Over the next decade, researchers will gather regular epidemiological information from more than 200 footballers aged 28 to 38 in England, Finland, France, the Netherlands, Norway, Sweden and Switzerland.
This will allow them to track changes in the mental well-being of the players, and their cartilage, neurocognitive and cardiovascular health.
The Drake Football Study is seed-funded by The Drake Foundation and supported by Amsterdam University Medical Centers, the Mehiläinen NEO Hospital in Turku, Finland and Push Sports (Maastricht, the Netherlands).
The study was launched at a kick-off symposium in London in October 2019 at Arsenal's Emirates stadium.
A timely initiative
FIFPRO research shows that more than one in three active professional footballers suffer from mental health symptoms, such as anxiety, depression, disturbed sleep and distress during their often short but intense careers.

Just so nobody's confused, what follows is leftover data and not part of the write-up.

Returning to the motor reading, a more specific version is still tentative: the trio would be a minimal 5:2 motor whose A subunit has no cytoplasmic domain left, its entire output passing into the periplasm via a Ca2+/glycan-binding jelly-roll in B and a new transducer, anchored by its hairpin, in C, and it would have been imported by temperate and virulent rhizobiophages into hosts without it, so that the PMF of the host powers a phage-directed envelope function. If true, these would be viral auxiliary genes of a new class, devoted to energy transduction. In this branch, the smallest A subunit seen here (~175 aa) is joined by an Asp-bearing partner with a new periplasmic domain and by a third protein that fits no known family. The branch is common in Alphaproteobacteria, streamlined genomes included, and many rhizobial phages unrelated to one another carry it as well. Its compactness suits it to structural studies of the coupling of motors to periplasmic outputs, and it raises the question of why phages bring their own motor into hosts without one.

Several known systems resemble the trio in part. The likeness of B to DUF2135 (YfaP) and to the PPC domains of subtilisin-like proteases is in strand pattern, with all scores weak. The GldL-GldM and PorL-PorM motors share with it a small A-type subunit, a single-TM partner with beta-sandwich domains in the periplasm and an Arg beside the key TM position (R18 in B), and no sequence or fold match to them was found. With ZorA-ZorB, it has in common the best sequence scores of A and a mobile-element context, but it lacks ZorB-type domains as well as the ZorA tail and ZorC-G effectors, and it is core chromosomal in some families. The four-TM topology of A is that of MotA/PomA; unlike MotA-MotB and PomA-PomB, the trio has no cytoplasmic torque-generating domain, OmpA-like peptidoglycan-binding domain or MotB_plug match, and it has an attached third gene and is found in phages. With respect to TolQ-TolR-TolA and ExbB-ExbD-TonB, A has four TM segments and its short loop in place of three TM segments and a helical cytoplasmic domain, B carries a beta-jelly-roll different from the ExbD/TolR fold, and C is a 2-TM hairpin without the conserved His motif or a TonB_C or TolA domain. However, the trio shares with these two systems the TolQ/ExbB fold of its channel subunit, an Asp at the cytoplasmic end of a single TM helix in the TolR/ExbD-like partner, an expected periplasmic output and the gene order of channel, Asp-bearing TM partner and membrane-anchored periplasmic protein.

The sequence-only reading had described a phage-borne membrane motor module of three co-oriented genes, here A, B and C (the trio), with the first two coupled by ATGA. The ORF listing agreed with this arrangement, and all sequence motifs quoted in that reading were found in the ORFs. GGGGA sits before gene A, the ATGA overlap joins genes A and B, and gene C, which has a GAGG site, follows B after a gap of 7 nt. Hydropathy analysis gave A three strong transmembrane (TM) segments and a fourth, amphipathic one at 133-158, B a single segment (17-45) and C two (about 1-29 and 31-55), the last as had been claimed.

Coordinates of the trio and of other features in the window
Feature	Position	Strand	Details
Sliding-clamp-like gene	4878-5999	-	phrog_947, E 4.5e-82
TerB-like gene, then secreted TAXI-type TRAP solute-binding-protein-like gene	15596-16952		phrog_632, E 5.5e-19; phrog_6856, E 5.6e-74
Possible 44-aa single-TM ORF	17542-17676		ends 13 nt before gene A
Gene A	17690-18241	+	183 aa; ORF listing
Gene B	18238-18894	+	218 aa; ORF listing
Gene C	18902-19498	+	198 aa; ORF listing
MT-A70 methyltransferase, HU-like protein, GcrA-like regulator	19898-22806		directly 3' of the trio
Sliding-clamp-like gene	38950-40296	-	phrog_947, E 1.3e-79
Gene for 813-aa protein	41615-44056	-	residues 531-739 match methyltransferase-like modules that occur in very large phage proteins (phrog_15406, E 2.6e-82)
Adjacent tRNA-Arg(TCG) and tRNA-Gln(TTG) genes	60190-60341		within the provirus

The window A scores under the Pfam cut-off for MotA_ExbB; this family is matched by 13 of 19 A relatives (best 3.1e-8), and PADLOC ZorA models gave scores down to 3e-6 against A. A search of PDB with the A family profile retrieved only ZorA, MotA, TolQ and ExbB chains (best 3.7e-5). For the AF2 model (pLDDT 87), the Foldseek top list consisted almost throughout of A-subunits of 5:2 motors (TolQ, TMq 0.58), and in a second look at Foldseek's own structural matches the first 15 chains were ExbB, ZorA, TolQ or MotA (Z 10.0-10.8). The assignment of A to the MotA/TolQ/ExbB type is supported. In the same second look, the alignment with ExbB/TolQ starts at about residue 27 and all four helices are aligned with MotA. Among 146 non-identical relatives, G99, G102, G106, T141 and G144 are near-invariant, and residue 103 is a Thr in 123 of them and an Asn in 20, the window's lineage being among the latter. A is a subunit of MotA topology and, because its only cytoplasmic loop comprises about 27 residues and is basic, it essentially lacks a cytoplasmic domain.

Former footballers are also more likely to suffer from the effects of deteriorated knee joint cartilage (osteoarthritis), with 34% of retired players aged over 40 having the condition according to a FIFPRO survey in 2018.
With regards to cardiovascular health, there have been a series of devastating sudden deaths of apparently-healthy professional footballers. The study also aims to explore neurocognitive decline and a possible link to concussion.
The Drake Football Study is led and coordinated by Dr. Vincent Gouttebarge, FIFPRO’s Chief Medical Officer.